Abstinence from sexual behaviours during treatment impacts positively on treatment outcomes. We ask all those joining the treatment community to abstain from all sexualised behaviour including masturbation. The withdrawal experience can be similar to those more commonly recognised with substances – it can be intense and visceral. People do not always anticipate going into withdrawal and therefore need emotional support to understand what they are experiencing. It’s common for patients to experience disorientation, headaches, low mood, anxiety, irritability or depression.
Long-term recovery from sex and love addiction or porn addiction is different from substances or gambling. Sex is a human need the same as eating or sleeping, so abstinence from sex is more complex. A person needs to identify a sense of positive sexuality and be able to move forward with positive relationships, and preparing patients for different types of relationships is key to successful outcomes. Therapists look to realign behavioural reinforcers with meaningful ‘reality-based’ relationships and not the ‘online’ cybersex virtual reality.
For instance, those addicted to pornography are engaging in ‘fantasy’ rather than the reality of physical and emotional intimacy and therefore it is vital to help patients understand how sex might feel different, perhaps even disappointing, within the context of their real-life relationships. Clients can find themselves trying to substitute care, support and nurture for emotional or sexual dependence with sometimes devastating consequences – these might include engaging in physically or emotionally abusive and harmful relationships devoid of emotional intimacy.
It’s also important to consider that there may be cultural and diversity issues revealed during the therapeutic assessment, for example the subculture of ‘chemsex’ in gay communities. A social norm gives the person a sense of belonging to such a community despite the potential risks, harms and consequences. If there are chemicals involved there can be additional important questions to ask, such as what is the client’s relationship with the substances and/or the sexual behaviours? Understanding from a wider perspective than that which fits with binaries of heteronormative culture is important, and what is normal for one person, might not be for another.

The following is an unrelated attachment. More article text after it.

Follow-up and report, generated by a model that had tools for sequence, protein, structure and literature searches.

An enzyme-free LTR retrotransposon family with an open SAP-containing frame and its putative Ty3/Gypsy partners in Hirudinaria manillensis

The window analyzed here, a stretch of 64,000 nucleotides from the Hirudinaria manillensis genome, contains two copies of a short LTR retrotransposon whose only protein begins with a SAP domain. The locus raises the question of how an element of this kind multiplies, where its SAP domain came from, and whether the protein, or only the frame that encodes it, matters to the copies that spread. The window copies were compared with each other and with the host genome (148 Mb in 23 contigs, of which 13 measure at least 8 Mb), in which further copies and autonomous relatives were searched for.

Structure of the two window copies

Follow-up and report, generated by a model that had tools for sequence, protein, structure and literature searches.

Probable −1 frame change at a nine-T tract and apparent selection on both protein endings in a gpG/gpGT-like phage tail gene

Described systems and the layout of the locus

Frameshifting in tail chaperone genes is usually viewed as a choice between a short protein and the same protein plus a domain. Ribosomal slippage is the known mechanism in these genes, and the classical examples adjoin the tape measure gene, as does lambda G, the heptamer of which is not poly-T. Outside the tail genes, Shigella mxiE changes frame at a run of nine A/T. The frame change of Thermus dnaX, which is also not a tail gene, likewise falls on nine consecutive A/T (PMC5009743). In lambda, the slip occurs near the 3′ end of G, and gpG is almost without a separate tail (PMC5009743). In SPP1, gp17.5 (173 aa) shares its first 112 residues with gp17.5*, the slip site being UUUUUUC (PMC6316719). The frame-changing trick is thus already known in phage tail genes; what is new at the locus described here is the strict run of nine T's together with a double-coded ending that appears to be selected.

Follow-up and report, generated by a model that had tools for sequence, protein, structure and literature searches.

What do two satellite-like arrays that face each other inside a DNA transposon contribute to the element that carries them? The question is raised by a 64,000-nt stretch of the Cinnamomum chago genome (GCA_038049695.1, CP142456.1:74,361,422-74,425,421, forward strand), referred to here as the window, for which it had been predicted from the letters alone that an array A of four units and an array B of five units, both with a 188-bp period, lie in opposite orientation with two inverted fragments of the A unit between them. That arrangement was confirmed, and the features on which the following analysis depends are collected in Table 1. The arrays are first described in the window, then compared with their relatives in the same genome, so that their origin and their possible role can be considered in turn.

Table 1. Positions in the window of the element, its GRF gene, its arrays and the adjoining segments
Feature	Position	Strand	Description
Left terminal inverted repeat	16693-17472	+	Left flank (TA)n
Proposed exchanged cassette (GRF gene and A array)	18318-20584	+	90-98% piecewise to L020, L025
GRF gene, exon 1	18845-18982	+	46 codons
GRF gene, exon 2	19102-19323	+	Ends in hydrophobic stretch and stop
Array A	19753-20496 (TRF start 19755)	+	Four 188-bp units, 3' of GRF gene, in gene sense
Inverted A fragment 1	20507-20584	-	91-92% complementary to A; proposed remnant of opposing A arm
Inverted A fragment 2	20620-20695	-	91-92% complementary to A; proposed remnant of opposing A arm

Barriers to Women
There is a tendency for more men to seek treatment than women, and more needs to be done to understand the barriers to seeking treatment by women and to find better ways to support women to open up more about sex, love and pornography addictions. As conversations emerge during treatment, therapists find more women open up to their peers about their experiences.
Asking for help with a sex, sex and love, or porn addiction requires a huge amount of courage, and those who make contact with services should be treated with care and respect. Families are often deeply traumatised by their loved ones’ behaviour and it’s important that family support is given throughout the treatment period and beyond where necessary. Mutual support is vital, sustaining recovery through fellowship meetings such as Sex and Love Addicts Anonymous and Sex Addicts Anonymous, in the same way as with attendance at AA or NA.
This type of behavioural addiction is largely unspoken and misunderstood across health and social care. It needs to be recognised and understood more broadly to improve treatment and enable people to reach out for support. Recognising it can go some way to validating the experiences of those engaging in these behaviours and instil some hope that change is possible.
The sector spent many years trying to get gambling addiction properly recognised in the DSMV to legitimise treatment and lower barriers to accessing support. It is now time for sex, love and porn addiction to also be categorised as a behavioural addiction.
Clouds House and Action on Addiction are part of The Forward Trust. Find out more at www.forwardtrust.org.uk or www.actiononaddiction.org.uk/addiction-treatment/clouds-house
Pamela Walters is clinical director at Clouds House